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Re: Why does eof have a prototype?

by ikegami (Patriarch)
on Aug 08, 2022 at 18:08 UTC ( [id://11146031]=note: print w/replies, xml ) Need Help??


in reply to Why does eof have a prototype?

Two reasons I can think of:

  • So it can be overridden. As I remember it, prototypes were added to ops as part of making them overridable.
  • It was done by accident (i.e. without knowledge the prototype was inadequate).

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Re^2: Why does eof have a prototype?
by Anonymous Monk on Aug 08, 2022 at 19:04 UTC
    the prototype was inadequate

    how so?

      That certain operators (eof, open, etc.) have prototypes that aren't adequate for representing the syntax of the operator is the premise of the question.

      For example,

      • An overridden eof operator can't distinguish whether it was was called as eof or eof() while the real operator does.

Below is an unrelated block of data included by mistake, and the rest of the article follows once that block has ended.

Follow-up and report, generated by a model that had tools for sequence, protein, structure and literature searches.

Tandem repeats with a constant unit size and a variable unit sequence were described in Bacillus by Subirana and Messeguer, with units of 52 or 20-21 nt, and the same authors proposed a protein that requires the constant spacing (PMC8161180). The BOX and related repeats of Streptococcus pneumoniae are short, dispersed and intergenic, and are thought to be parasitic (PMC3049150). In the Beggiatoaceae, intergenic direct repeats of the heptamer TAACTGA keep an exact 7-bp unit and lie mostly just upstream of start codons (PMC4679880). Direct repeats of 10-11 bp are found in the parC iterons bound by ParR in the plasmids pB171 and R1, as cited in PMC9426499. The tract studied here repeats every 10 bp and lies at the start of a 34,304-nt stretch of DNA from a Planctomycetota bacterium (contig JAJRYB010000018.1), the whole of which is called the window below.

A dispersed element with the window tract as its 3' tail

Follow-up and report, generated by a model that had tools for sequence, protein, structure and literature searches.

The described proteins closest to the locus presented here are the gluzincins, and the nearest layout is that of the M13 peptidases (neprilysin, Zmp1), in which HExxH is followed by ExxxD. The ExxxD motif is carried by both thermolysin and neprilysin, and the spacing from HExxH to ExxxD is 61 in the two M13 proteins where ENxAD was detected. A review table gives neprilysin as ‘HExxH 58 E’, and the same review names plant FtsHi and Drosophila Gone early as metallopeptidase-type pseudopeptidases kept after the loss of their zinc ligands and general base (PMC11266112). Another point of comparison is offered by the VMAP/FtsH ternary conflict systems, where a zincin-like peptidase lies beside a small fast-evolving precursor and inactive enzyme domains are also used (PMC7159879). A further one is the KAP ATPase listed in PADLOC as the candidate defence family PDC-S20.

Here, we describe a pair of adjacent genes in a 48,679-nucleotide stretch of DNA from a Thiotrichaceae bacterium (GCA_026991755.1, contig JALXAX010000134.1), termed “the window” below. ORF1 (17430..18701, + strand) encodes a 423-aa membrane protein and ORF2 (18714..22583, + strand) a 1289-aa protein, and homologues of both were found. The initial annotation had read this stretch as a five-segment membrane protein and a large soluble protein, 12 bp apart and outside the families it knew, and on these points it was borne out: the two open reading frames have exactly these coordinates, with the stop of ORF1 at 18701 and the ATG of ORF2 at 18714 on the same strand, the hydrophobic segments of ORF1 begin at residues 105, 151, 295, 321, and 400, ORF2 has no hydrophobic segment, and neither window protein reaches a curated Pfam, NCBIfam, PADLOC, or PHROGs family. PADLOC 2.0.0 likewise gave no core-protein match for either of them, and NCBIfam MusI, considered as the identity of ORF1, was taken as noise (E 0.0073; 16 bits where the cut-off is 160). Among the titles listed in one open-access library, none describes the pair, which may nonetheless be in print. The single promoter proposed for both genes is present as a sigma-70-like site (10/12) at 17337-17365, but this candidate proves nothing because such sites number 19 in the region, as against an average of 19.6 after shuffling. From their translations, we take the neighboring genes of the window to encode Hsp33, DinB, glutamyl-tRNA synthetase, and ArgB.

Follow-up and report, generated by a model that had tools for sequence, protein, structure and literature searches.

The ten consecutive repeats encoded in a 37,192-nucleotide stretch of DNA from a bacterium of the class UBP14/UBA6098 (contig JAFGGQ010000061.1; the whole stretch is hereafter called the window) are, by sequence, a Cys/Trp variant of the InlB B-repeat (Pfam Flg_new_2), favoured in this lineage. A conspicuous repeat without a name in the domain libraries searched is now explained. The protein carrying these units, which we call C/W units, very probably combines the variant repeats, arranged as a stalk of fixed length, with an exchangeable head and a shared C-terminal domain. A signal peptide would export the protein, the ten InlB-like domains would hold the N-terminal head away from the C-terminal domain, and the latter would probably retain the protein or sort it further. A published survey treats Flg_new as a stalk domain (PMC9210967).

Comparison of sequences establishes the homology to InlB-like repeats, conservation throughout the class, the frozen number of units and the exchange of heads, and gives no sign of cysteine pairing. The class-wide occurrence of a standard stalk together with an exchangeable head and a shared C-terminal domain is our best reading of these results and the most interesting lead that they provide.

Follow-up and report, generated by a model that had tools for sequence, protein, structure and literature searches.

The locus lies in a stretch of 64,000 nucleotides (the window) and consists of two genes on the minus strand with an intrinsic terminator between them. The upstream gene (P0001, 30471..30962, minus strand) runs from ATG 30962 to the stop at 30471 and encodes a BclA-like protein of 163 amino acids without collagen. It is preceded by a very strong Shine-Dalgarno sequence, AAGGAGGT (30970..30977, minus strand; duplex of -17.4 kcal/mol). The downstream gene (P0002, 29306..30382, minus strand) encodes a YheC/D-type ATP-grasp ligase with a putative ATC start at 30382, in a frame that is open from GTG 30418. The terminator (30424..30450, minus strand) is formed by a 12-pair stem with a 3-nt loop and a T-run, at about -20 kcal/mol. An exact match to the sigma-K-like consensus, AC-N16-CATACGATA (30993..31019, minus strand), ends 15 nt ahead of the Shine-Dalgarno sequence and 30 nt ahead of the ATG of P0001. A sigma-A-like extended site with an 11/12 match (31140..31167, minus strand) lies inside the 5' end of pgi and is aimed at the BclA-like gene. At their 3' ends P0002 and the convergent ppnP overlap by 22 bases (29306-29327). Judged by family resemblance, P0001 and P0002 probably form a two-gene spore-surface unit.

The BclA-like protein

• open( STDERR , ">&=", STDOUT ) is perfectly valid with the real operator, but throws a strict error with an overridden open.

        $ perl <<'.' use strict; open( STDERR , ">&=", STDOUT ); BEGIN { *CORE::GLOBAL::open = sub (*;$@) { } } open( STDERR , ">&=", STDOUT ); . Bareword "STDOUT" not allowed while "strict subs" in use at - line 4. Execution of - aborted due to compilation errors.

      Upd: Fixed accidental double negation.

        Filehandles are still too voodoo for me, I hoped something like this could fix that problem...

        use constant STDERR => \*STDERR; use constant STDOUT => \*STDOUT;

        Cheers Rolf
        (addicted to the Perl Programming Language :)
        Wikisyntax for the Monastery

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